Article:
- Hurricane Harvey fears caused spike in gasoline prices, offset by crude oil losses
- Conflicting inventory and production news has kept WTI hovering around $48.50/b
- Gold rangebound before Jackson Hole speeches by Fed's Yellen and ECB's Draghi
- Rally in industrial metals has extended further, with China driving the action
Pier at Galvaston, Texas. Communities along the Gulf Coast
are bracing for hurricane Harvey. Photo: Shutterstock
By Ole Hansen
The energy sector traded flat when a spike in gasoline prices on hurricane Harvey fears helped offset small losses in crude oil. Precious metals traded quietly with gold struggling to break key resistance while waiting for news from the annual gathering of central bankers at Jackson Hole in Wyoming.
Most of the action, however, once again occurred in industrial metals. The Bloomberg Industrial metal index, led by zinc and aluminum, touched the highest since December 2014 and has now risen in eight of the past 10 weeks.
Gasoline prices surged as Gulf coast refineries began halting operations ahead of Hurricane Harvey's expected arrival late on Friday. The first hurricane to hit the Texas coast in a decade could dump up towards one metre of rain in the most exposed areas, and this scenario boosted the price of soybeans and cotton on heightened crop concerns.
Sugar recovered as a near-record fund short was scaled back in response to news that the Brazilian government would impose a 20% tax on ethanol imports that exceed the annual quota. This would support the domestic production of ethanol, thereby diverting sugar cane away from the production of sweetener.
December futures in CBOT corn and especially wheat both reached life-of-contract lows before bargain-hunting supported a recovery from oversold conditions. Wheat's premium over corn recovered after collapsing during the rout this past month.
The rally in industrial metals, which has extended further, has China written all over it. China's quest to close high-polluting smelter plants to reduce air pollution has been the trigger for the month-long surge in metals, not least aluminum and zinc. The combination of supply being cut and demand holding up has helped ignite a speculative surge in trading at futures exchanges in China and around the world.
Speculative trading in China is rife, and once again regulators has been forced to step in and introduce measures, such as reduced position limits and higher margins, to crack down on speculative dealing while urging investors to be cautious and behave rationally.
Copper enjoyed the tailwind from the rally, and reached a near two-year high on exchanges in New York and London. Funds speculating in higher prices on high-grade copper now hold the biggest exposure since records began in 2006.
Rising production and falling inventories has kept WTI crude oil hovering around $48.50/barrel for the past month. So far this August the trading range has narrowed to between $48.50/b to the upside and the 50-day moving average to the downside, currently at $46.70/b.
As we approach September the risk/reward however looks increasingly skewed to the downside. A break to the upside could see the market revisit $50/b, which would trigger increased hedging activity from US producers, while a downside break risks triggering a fourth wave of selling from funds holding the biggest combined net long in Brent and WTI crude oil since March 14.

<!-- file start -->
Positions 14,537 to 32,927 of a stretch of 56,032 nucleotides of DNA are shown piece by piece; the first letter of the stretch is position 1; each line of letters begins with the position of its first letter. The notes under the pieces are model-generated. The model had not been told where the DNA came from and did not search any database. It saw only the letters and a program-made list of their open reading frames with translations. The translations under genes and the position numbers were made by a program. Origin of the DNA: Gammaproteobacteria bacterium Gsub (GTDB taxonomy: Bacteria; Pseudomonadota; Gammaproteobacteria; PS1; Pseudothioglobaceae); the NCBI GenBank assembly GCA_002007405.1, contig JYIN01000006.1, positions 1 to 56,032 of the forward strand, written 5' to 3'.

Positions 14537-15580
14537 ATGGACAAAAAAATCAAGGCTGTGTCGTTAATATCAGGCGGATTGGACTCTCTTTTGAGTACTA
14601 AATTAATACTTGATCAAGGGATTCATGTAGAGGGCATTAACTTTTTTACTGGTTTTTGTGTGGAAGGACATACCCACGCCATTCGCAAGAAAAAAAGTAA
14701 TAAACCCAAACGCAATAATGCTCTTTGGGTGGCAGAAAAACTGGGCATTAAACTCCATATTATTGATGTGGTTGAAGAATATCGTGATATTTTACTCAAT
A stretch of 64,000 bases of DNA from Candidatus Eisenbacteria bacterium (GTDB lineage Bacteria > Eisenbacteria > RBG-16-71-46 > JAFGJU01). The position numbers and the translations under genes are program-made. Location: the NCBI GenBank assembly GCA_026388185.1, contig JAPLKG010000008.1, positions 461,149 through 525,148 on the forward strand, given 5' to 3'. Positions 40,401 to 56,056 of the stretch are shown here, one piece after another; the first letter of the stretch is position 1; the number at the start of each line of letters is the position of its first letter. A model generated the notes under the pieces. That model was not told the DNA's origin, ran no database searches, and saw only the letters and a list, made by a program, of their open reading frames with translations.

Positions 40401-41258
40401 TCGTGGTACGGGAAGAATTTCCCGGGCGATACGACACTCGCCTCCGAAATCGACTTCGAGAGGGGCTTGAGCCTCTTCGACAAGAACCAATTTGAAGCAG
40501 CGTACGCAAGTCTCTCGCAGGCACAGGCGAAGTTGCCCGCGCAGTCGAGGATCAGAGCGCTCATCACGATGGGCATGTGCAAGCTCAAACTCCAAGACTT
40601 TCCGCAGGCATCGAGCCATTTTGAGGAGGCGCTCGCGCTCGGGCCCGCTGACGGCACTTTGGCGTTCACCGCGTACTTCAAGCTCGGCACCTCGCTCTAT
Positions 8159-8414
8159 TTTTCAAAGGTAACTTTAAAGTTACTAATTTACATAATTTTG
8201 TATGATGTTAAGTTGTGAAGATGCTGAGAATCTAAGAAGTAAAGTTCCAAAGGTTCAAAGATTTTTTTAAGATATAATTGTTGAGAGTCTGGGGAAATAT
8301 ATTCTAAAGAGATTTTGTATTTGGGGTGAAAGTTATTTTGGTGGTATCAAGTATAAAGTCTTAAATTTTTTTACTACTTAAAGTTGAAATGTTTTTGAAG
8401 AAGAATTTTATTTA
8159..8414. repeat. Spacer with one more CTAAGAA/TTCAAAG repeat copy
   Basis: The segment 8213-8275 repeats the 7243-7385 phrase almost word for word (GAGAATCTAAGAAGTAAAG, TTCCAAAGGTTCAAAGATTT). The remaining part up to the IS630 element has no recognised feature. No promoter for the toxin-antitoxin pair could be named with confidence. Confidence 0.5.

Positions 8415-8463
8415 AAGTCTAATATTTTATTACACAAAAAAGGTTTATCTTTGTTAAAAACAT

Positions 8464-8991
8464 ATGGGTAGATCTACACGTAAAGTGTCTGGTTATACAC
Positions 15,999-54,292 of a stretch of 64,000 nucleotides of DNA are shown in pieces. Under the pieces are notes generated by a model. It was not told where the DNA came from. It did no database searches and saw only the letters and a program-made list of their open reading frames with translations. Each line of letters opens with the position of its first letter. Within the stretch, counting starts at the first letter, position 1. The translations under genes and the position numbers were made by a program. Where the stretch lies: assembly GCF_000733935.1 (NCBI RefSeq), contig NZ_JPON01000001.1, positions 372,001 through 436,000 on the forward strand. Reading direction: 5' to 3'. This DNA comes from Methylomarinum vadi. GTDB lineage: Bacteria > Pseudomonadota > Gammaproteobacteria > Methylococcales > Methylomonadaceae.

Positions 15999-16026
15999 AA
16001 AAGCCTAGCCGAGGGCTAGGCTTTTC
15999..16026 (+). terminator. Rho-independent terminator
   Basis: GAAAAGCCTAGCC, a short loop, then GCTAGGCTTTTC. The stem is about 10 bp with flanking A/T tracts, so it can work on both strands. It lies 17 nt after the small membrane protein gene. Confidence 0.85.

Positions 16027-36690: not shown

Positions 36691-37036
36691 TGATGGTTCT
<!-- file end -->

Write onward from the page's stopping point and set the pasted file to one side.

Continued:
Seasonal behaviour also has to be considered, with a market peak normally seen during the first week of September before the market enters the low-demand season.
The biggest risk to this assumption is the deteriorating outlook for Venezuela and the introduction of US sanctions designed to punish the government as President Nicolás Maduro continues to undermine the Venezuelan people's right to self-determination. Any action that further reduces Venezuela's ability to export its crude could provide some short-term support.
WTI crude oil
Source: Saxo Bank
Gold spent a quiet but nervous week trading within a relative tight range between $1,280/oz and $1,295/oz. The failure so far to make a sustained break above the high of the year has left hedge funds and traders concerned that a correction might follow next.
So far, however, the market has held up with support — almost as usual — being provided by statements and comments by the US president. Trump's threat to close down the government unless funds are found to build a border wall against Mexico helped prevent stocks and the dollar from recovering.
Speeches on Friday from Fed chief Janet Yellen and European Central Bank president Mario Draghi at the Fed's annual gathering of central bankers at Jackson Hole, Wyoming also helped keep gold range-bound, as the market awaited clues on the pace of monetary tightening in the US and Eurozone.
The technical outlook for gold remains pretty clear. A sustained break above $1,295/oz on spot is likely to propel it higher, while a break below the uptrend since July carries the risk of once again seeing longs being cut and the price suffering accordingly.
The market has held up well this past week despite the failure to break higher, which indicates that investors continue to look for diversification and in some cases a safe haven amid uncertainty about the direction of other asset classes, most noticeably stocks. One of the biggest risk to gold's upside potential comes from an elevated and increasingly stale euro long position against the dollar. Any reduction in these bets could send the dollar higher and, with that, precious metals lower.
A move above $1,295/oz could see gold target the US post-election high of $1,337/oz. Below $1,280/oz technical retracement levels would point to $1,264/oz followed by $1,253/oz.
Source: Saxo Bank
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— Edited by John Acher
Ole Hansen is head of commodity strategy at Saxo Bank